Saturday, August 15, 2009

"Krap Out" Kunstler Blows 5th Dow Meltdown Call

Interesting news from Mark Perry at Carpe Diem today: the ECRI Weekly Leading Index, a U.S. future economic growth gauge, rose to its highest level in 26 years, suggesting economic recovery could be its strongest since the early '80s recession.

Mark Perry has been consistently predicting, since the beginning of the year, the current recession would bottom out around mid- to late-summer. Factoring in improvements in the housing market, the Dow's accession above 9,000, China's prelude to promising growth and Europe's recent revitalization, it seems safe to say - even a few months early - that James Kunstler has officially blown his 5th Dow Jones meltdown call.

Aside from prophesying a crash of 4,000 for this year, "Kaptain Krappy" has also made these fabulous Dow forecasts:

And in his most Joe Montana-like effort ever, James predicted a thousand-point drop during Thanksgiving week of '07. The Dow jumped up 1,000. Did I write Joe Montana? I should have wrote Dr. Wirth=)

Now naturally, this recession has been brutal, and we're not quite out of the woods yet. But for peakers to make comparisons to the Great Depression seems absurd. For a contrast of the two downturns, let's consider...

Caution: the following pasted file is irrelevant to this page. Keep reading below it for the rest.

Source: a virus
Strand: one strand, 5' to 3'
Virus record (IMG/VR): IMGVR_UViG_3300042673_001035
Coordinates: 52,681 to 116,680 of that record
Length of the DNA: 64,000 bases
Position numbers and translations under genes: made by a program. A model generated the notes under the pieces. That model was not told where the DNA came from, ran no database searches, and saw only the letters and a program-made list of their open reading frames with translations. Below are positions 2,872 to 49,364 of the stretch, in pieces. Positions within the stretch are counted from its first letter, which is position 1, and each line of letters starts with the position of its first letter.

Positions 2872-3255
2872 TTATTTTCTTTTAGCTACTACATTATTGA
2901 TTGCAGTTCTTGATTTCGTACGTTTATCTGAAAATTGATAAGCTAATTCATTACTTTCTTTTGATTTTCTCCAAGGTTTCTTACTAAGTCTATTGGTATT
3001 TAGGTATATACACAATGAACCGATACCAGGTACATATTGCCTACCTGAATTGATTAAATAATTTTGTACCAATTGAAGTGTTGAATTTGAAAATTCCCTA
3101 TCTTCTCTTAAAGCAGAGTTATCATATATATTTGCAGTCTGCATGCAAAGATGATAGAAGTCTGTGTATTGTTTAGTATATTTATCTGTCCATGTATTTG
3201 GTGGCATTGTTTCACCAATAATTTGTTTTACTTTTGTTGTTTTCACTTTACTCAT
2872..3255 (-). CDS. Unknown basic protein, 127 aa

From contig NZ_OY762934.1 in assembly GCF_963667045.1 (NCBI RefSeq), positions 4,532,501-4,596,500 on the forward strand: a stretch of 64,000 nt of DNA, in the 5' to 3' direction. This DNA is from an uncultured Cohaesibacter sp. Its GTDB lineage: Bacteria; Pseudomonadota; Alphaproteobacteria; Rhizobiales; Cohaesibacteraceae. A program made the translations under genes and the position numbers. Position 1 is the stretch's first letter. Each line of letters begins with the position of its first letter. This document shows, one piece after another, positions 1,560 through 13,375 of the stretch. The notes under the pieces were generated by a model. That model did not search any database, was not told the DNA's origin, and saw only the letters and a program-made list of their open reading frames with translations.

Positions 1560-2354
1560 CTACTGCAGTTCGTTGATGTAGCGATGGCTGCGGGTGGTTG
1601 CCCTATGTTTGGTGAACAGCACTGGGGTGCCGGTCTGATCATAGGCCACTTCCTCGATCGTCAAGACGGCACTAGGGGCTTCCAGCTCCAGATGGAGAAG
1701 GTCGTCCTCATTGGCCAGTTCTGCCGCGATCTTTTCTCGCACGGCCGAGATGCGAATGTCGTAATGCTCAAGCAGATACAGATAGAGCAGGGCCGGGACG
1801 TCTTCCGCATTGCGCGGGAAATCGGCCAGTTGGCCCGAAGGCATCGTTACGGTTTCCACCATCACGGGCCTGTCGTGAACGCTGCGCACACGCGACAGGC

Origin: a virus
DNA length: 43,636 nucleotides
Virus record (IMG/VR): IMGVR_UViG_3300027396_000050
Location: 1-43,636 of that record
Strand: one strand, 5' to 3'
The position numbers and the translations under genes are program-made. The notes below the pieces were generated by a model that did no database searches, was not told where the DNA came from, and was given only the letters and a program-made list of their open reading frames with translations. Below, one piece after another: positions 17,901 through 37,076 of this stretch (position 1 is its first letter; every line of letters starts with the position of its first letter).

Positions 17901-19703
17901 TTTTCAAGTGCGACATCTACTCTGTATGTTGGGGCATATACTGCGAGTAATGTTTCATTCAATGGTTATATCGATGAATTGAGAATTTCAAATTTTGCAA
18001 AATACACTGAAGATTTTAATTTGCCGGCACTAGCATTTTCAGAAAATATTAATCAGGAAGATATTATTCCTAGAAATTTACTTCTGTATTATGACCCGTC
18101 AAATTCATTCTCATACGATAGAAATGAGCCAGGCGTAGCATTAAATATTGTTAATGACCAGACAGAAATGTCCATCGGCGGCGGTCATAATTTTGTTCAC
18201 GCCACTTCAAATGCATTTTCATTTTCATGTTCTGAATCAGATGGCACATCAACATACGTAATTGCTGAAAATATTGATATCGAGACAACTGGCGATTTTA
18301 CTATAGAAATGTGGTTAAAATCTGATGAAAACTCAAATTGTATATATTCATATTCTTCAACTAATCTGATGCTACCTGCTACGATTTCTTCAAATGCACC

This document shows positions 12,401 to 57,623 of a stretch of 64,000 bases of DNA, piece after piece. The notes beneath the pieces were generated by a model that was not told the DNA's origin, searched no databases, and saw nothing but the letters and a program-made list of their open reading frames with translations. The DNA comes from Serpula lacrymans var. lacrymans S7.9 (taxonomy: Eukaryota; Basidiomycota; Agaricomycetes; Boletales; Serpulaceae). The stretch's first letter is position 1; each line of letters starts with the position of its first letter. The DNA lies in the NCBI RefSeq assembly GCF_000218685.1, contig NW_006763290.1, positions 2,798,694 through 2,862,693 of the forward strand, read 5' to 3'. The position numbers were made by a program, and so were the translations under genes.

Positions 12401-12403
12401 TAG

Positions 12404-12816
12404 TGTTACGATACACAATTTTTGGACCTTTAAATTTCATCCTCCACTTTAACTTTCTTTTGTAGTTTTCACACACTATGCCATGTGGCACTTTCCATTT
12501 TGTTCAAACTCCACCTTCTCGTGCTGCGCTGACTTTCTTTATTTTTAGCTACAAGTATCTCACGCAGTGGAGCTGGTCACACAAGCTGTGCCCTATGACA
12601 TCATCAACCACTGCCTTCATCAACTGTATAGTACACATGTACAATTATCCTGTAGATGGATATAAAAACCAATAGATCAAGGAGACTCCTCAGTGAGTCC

The Great Depression:

Versus the current recession:

  • Peak unemployment: 9.5% (so far).

  • # of bank failures: 109 (the S&L Crisis experienced nearly 3,000).

  • GDP of last, this and next year: -1.3%, -2.0% (projected), +2.2% (projected).

Also, has anyone seen this natural phenomenon?

I heard a while back that James is writing a sequel to his most recent book, "World Made by Hand." Judging from how his and the peakers' fame has swirled down the toilet recently, it may be more suitable for James to hide in a dark corner, and remorsely fiddle "World Stroked by Hand."

- Brewskie

Added: The federal government's spendthrift policies are scary, yes, but for those concerned about drowning in an ocean of inflation, check out another excellent post by Mark Perry. Accompanied by promising graphs.

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